Keywords: Toxocara canis; Toxocariasis; Risk factors.


RESUMO

Para determinar a frequência de anticorpos anti-Toxocara sp. e os fatores de risco associados à infecção, soros de 242 crianças de ambos os sexos, com idade entre um a 15 anos, atendidas no ambulatório do Hospital da Universidade Federal de Uberlândia, Minas Gerais, Brasil, foram analisados pelo ELISA. Questionários foram aplicados, para obter informações sobre os pacientes. As informações sobre as alterações clínicas, de 187 pacientes, foram obtidas no prontuário médico. Do total das 242 amostras, 21 (8,7%) foram positivas para anticorpos anti-Toxocara sp.. A presença de cães e gatos e a variável escola (local de contato) sugerem associação significativa (p < 0.05) com a sorologia positiva. Sintomas respiratórios e elevada contagem de eosinófilos (> 20%) mostram correlação positiva com a soropositividade para Toxocara sp.. A idade, sexo, sintomas como dor de cabeça, dor estomacal, crises convulsivas e anemia não apresentaram associação com toxocaríase.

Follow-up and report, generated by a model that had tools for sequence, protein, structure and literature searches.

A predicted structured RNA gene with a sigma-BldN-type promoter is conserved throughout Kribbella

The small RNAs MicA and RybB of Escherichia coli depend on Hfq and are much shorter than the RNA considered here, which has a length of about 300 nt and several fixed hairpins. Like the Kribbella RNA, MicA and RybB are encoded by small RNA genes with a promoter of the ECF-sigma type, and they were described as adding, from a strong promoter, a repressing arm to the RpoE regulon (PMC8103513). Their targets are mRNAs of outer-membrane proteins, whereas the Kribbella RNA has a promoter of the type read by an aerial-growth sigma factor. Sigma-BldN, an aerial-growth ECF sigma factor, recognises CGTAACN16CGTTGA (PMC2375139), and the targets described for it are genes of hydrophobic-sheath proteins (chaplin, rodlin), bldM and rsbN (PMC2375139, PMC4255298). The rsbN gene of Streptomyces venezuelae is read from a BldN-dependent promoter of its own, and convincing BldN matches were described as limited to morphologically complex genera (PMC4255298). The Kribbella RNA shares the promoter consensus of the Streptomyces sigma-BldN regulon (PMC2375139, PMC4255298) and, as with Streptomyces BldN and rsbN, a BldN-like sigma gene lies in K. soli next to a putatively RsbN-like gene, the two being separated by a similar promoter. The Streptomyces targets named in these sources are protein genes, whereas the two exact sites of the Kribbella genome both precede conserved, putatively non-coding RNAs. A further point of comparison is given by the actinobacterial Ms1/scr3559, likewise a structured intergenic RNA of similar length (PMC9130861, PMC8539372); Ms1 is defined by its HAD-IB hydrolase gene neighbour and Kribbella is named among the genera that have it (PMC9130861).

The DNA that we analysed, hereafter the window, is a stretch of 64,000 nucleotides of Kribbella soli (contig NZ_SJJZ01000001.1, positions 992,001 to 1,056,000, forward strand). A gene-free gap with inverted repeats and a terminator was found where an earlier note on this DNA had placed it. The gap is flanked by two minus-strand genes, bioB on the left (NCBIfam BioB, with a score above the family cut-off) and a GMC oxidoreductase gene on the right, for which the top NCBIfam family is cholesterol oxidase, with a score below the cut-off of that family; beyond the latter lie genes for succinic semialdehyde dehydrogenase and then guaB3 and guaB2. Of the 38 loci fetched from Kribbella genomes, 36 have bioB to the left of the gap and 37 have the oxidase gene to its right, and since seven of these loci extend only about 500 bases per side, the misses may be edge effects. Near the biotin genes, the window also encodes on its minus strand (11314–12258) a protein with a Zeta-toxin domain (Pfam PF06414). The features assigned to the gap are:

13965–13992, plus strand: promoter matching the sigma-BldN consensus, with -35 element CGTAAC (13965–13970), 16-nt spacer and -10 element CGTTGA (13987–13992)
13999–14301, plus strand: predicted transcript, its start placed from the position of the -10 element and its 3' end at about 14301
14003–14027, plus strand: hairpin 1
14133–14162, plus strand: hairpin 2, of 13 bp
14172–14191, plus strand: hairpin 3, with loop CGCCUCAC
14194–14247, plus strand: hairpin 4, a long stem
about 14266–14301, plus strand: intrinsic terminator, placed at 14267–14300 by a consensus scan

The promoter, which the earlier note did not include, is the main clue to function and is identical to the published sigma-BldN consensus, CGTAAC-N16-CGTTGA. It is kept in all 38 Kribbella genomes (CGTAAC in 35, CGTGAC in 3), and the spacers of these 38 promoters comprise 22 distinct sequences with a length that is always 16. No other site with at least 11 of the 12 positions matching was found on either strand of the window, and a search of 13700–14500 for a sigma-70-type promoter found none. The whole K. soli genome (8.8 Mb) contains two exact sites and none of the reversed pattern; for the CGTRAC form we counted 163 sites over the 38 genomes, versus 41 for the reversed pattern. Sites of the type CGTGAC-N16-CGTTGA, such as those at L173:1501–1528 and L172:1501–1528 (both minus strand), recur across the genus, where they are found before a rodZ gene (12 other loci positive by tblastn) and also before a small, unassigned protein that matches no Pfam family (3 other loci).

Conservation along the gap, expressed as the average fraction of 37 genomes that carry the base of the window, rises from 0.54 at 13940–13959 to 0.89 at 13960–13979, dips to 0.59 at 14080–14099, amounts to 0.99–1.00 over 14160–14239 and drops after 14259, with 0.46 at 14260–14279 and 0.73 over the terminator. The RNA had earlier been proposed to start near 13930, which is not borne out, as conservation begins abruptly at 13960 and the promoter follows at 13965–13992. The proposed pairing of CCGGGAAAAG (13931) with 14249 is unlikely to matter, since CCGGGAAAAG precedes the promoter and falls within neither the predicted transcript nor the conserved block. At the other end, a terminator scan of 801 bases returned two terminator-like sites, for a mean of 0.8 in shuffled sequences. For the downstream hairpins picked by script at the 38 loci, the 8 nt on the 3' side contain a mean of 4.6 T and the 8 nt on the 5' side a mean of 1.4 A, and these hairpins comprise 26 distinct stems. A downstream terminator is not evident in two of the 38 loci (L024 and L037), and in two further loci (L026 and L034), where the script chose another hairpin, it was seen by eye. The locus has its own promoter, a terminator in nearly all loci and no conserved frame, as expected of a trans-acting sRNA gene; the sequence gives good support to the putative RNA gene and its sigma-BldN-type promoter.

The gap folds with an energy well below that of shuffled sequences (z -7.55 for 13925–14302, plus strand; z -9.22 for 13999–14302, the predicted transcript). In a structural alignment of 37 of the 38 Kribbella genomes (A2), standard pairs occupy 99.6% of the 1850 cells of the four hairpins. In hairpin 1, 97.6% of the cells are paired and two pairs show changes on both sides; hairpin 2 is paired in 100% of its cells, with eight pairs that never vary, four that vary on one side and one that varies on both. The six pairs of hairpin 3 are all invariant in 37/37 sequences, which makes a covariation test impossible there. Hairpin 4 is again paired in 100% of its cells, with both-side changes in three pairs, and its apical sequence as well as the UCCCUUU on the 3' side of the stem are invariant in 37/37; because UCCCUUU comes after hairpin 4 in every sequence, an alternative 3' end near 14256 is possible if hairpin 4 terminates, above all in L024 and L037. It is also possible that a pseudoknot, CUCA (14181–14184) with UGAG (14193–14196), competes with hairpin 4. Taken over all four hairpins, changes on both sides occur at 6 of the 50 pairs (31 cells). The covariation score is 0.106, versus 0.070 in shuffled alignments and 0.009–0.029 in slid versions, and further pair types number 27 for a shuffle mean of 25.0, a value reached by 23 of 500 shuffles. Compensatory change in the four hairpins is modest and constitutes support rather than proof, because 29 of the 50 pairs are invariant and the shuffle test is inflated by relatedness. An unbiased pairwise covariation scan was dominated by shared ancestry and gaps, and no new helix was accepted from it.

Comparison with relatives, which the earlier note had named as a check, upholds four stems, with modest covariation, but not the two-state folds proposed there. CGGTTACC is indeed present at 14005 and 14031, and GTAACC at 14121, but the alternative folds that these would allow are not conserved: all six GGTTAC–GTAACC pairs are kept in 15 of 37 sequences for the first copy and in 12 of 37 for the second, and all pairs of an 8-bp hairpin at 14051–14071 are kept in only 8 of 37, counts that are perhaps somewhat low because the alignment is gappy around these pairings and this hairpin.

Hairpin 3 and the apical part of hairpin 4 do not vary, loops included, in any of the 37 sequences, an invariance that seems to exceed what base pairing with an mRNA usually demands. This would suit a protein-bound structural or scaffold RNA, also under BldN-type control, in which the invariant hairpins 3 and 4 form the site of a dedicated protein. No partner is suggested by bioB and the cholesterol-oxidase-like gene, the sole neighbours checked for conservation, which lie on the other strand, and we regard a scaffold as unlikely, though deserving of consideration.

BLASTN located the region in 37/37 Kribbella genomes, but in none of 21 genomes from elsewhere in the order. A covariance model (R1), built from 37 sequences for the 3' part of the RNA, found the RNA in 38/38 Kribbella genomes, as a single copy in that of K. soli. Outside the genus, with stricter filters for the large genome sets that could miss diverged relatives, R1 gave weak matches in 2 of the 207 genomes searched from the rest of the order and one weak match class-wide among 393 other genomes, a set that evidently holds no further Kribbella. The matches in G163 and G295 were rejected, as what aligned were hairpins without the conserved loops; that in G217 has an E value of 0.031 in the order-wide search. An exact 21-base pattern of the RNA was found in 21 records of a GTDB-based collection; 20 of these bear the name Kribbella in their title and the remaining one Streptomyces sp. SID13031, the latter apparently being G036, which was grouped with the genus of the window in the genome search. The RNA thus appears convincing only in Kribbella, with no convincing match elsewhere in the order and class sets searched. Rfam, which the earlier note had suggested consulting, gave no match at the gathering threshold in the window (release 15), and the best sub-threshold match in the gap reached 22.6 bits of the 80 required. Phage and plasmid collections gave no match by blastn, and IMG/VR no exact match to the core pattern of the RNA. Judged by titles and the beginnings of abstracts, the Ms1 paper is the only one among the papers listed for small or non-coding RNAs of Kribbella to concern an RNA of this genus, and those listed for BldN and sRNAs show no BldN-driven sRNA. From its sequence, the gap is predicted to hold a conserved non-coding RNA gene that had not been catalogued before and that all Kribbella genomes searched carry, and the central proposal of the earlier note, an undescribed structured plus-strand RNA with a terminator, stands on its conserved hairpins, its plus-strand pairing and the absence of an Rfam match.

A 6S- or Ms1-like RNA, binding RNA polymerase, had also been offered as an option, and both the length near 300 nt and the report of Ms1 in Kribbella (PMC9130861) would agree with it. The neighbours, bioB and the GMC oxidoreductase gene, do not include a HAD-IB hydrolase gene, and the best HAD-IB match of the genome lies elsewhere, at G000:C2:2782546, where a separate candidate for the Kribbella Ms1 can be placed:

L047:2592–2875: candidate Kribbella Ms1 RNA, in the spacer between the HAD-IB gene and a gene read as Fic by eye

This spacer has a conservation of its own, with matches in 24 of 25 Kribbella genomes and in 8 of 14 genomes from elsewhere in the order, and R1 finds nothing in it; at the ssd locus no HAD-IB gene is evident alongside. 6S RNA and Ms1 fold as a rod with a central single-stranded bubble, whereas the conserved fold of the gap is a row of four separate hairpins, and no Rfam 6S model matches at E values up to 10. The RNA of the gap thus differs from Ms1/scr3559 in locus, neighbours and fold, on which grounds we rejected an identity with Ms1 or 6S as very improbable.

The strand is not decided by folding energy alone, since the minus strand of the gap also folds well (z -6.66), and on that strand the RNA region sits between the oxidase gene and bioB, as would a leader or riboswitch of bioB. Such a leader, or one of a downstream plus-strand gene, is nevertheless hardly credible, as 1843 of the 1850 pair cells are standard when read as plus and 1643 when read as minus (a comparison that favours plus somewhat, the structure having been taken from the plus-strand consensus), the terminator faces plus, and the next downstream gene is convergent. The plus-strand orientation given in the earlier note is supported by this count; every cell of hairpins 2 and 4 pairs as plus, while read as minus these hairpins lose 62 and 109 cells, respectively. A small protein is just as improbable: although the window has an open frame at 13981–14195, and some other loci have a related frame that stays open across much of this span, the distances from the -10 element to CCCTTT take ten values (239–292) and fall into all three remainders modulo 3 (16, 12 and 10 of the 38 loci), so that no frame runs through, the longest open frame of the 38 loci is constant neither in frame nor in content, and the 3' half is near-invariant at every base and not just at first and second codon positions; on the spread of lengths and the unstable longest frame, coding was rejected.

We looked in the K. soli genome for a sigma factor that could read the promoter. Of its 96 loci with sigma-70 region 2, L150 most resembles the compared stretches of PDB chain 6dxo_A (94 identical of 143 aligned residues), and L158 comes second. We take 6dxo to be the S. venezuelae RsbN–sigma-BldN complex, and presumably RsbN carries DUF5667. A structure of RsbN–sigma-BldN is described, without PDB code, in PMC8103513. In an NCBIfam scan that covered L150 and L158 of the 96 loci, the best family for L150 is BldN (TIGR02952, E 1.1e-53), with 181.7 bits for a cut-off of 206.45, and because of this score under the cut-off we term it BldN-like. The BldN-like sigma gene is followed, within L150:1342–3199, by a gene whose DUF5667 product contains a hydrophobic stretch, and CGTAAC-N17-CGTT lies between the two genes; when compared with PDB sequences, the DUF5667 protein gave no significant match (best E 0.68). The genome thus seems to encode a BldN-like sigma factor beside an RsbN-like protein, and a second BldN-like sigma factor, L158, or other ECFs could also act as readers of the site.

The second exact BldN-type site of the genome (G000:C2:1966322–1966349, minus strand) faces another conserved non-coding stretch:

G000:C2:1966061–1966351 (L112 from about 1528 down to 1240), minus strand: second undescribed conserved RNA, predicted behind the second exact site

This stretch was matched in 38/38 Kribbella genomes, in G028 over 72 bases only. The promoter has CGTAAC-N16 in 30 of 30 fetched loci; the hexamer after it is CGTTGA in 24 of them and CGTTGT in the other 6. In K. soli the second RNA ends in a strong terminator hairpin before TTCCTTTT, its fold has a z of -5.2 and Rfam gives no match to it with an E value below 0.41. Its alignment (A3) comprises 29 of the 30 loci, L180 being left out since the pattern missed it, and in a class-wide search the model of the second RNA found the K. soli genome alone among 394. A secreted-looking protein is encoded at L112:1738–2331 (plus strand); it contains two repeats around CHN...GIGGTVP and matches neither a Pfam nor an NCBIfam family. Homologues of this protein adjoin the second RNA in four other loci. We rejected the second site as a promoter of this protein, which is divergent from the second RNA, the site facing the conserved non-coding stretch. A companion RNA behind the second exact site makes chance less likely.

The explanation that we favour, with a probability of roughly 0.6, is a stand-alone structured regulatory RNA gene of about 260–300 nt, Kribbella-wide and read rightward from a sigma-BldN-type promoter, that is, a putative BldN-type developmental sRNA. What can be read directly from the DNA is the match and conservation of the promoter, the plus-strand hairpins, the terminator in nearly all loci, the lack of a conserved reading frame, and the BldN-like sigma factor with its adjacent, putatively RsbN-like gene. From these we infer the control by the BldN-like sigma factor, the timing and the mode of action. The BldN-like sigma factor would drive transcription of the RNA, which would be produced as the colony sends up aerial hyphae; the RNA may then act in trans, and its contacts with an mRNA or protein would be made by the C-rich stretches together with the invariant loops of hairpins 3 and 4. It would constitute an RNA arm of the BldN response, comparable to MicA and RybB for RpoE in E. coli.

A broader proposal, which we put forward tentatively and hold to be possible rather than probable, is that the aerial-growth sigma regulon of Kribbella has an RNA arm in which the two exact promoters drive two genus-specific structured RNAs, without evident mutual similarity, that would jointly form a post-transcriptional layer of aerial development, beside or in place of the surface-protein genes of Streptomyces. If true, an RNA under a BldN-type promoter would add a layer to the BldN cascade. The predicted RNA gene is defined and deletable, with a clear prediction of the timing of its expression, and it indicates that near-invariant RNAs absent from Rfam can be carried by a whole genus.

INTRODUCTION

BEAVER et al.7 defined Visceral Larva Migrans syndrome (VLM) as a prolonged migration of helminth larvae within the organism of unusual hosts. Toxocara canis and T. cati are common ascarid parasites of dogs and cats, and are considered to be the principal etiological agents of the syndrome4. Humans become infected after the ingestion of either embrionated ascarid eggs or of tissues from infected paratenic hosts24.

Human infection by Toxocara sp. is distributed worldwide and appears in variable frequencies, depending on local factors such as close contact with soil contaminated by dog feces, and low income levels of the exposed community1,33. The rate of infection and occurrence of symptoms are more frequent in young children up to the age of 12 years old, mainly in rural areas; however, adults, are also infected4,17. The most common signs and symptoms of infection include fever, respiratory complaints and hepatomegaly. However, in most cases, there are no clinical manifestations, and the disease develops in an asymptomatic manner36. With regard to the clinical spectrum of toxocariasis, the principal finding from the last 25 years is that the disease can exhibit a distinct clinical picture25,39, known as covert toxocariasis. The current generally accepted classification of human toxocariasis includes covert toxocariasis, ocular toxocariasis and neurological toxocariasis.